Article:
Evidence in Action: Forging a New Path: Using Pay for Success to Build Career Pathways for Underserved, High-Need Youth

Thanks to the persistence of social entrepreneurs across the country, every day we see strategies that are working and delivering results in a rapidly changing world. This Evidence in Action blog series highlights the voices of the more than 70 social innovation organizations that make up the America Forward Coalition, the results-driven solutions our community has to our country’s most pressing social problems, and the evidence-based federal programs that are critical to scaling the impact of this work. 

Today, America Forward Coalition organization Social Finance shares its post, Forging a New Path: Using Pay for Success to Build Career Pathways for Underserved, High-Need Youth, about the potential of scaling high-quality Career and Technical Education programs using Pay for Success. This post was originally published on the Jobs for the Future blog on June 26, 2017.


Well-paying jobs and career opportunities are increasingly hard to find without a postsecondary degree or industry-recognized credential. Yet many young people, especially students of color and those from low-income families, lack access to educational opportunities that can prepare them for these jobs. In one study in Chicago, more than 40% of black males ages 20-24 were out of school and not working, compared to only 8.5% of white males. On the other side of the equation, employers are increasingly concerned by the limited number of young adults who are prepared to succeed in the workforce.

Communities are increasingly looking to high-quality career and technical education (CTE) to meet employers’ needs and improve economic opportunities for youth. Rigorous academic and technical programs can ensure that all students––including those that are low-income and youth of color––develop the skills and knowledge to succeed in college and career. Programs that coordinate with employers can ensure that there is a stronger pipeline of job-ready individuals, as well as employment opportunities waiting for youth when they graduate.

In recent years, many programs have focused on measuring what works for students and employers in their communities and are poised to scale their programs. An innovative public-private-partnership may be the right tool to do it. Pay for Success leverages private capital to scale social services that have strong evidence of improving outcomes. Entities that value those improved outcomes – often government, but also private organizations, such as employers – agree to repay private funders if outcomes are achieved. A performance-based contract governs the project, and an independent evaluator measures the results.

Recognizing the exciting potential of scaling high-quality CTE programs using Pay for Success, Social Finance and Jobs for the Future (JFF) have partnered with four sites to explore opportunities in their local communities. With $2 million in support from the U.S. Department of Education, JFF and Social Finance will provide technical assistance to help sites assess the potential and develop Pay for Success proejcts.

These four sites—from all four corners of the country, serving diverse populations of underserved, high-need youth, and scaling varied types of CTE programs—will be the first in the country to explore PFS financing in K12 education.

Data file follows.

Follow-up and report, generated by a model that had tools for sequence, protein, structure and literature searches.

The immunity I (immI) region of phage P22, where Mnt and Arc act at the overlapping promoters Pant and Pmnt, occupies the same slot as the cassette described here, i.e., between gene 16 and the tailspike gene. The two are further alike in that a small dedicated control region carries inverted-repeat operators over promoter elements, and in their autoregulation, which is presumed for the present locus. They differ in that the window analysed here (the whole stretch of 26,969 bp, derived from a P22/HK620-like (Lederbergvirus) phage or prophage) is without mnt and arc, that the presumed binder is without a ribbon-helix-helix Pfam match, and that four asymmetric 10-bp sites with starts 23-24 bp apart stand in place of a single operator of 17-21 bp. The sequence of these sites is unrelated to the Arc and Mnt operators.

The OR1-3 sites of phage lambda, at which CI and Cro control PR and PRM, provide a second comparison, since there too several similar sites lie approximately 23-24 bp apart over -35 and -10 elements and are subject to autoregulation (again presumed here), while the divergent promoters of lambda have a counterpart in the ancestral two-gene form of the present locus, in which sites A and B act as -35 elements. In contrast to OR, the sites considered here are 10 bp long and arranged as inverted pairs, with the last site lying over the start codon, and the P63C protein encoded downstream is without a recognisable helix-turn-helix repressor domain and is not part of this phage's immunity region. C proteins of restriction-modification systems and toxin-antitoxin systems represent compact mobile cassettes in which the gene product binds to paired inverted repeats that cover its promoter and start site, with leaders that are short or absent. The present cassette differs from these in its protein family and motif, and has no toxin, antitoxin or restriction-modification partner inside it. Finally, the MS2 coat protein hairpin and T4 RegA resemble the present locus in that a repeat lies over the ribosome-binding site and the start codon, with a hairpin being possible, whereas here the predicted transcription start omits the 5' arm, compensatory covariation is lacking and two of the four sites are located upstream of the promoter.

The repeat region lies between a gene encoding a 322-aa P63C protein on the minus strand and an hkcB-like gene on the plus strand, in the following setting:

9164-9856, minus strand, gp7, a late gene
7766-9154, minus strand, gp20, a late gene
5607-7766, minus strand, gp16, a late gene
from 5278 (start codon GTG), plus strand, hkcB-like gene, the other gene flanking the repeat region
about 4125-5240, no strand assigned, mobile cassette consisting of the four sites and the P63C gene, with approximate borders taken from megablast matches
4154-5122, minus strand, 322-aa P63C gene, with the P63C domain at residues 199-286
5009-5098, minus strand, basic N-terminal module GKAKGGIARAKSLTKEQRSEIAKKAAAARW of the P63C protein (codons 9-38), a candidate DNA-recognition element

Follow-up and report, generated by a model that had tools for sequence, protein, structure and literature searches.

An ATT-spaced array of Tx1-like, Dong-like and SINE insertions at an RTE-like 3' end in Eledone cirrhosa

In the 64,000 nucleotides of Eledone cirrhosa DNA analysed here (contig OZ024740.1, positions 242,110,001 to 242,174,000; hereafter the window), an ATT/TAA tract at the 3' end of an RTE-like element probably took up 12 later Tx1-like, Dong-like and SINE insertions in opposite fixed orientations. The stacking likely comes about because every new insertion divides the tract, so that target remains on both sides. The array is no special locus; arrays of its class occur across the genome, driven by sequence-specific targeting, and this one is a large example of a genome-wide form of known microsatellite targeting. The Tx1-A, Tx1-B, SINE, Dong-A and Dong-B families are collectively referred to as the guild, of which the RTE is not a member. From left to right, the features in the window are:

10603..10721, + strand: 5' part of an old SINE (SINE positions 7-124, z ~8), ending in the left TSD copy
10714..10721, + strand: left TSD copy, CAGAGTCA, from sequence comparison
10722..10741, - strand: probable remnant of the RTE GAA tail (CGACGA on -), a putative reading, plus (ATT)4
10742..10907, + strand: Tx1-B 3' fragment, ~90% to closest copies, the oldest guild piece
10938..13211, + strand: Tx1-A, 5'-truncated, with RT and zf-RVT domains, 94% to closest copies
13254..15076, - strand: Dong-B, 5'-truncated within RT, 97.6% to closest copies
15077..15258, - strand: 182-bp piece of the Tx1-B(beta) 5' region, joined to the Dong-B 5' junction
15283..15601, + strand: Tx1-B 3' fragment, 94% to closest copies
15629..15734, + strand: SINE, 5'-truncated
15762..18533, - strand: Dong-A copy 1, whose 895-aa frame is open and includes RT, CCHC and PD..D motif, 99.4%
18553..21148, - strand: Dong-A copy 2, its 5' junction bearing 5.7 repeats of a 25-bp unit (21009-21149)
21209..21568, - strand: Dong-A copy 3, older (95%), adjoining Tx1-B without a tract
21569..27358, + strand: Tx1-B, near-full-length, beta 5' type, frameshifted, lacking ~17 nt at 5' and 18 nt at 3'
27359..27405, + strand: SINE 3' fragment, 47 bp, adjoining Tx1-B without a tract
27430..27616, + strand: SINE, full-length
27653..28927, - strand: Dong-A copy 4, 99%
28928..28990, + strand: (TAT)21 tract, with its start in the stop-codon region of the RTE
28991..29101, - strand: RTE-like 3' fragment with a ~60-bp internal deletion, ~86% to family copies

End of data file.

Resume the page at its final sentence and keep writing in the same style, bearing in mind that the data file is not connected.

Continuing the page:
• South Bay Community Services is leading a consortium of education and nonprofit partners to implement the Back on Track framework for youth in San Diego County, providing pathways to in-demand career industries, such as social services or medical support. Back on Track reengages youth who are off track from graduation and career opportunities, using enriched preparation, postsecondary bridging, and first-year supports to help them achieve their postsecondary ambitions.
  • NAF will build on its 30-year history partnering with high schools in high-need communities, focusing on increasing opportunities for full student participation in work-based learning and paid internships, through expanding their Future Ready Labs initiative in cities such as New York and Dallas. NAF brings together education, business, and community leaders in 36 states around the country to create small career academies within schools that incorporate work-based learning.
  • Mahoning Valley Prepared for Success, led by the Mahoning County Educational Services Center, provides high-quality career and technical education programming, including dual enrollment in college, career pathways and linked learning, and first-year experience courses. Communities like Mahoning Valley are creating partnerships with Jobs Ohio, the Youngstown/Warren Regional Chamber of Commerce, institutions of higher education, schools, and local government to ensure students are getting credentials that will prepare them for rewarding careers with employers in their communities.
  • Pharr-San Juan-Alamo Independent School District, which provides CTE to students in the Rio Grande Valley, one of the poorest regions of the country, plans to grow opportunities for students to pursue food, agriculture, natural resources and human sciences studies. The program will connect students directly to agriculture career pathways by working with the City of Pharr and local agricultural employers.

We are eager to see how Pay for Success can expand promising education programs like these, narrowing the opportunity gap and providing young people with the skills they need to thrive in an ever-evolving economy.

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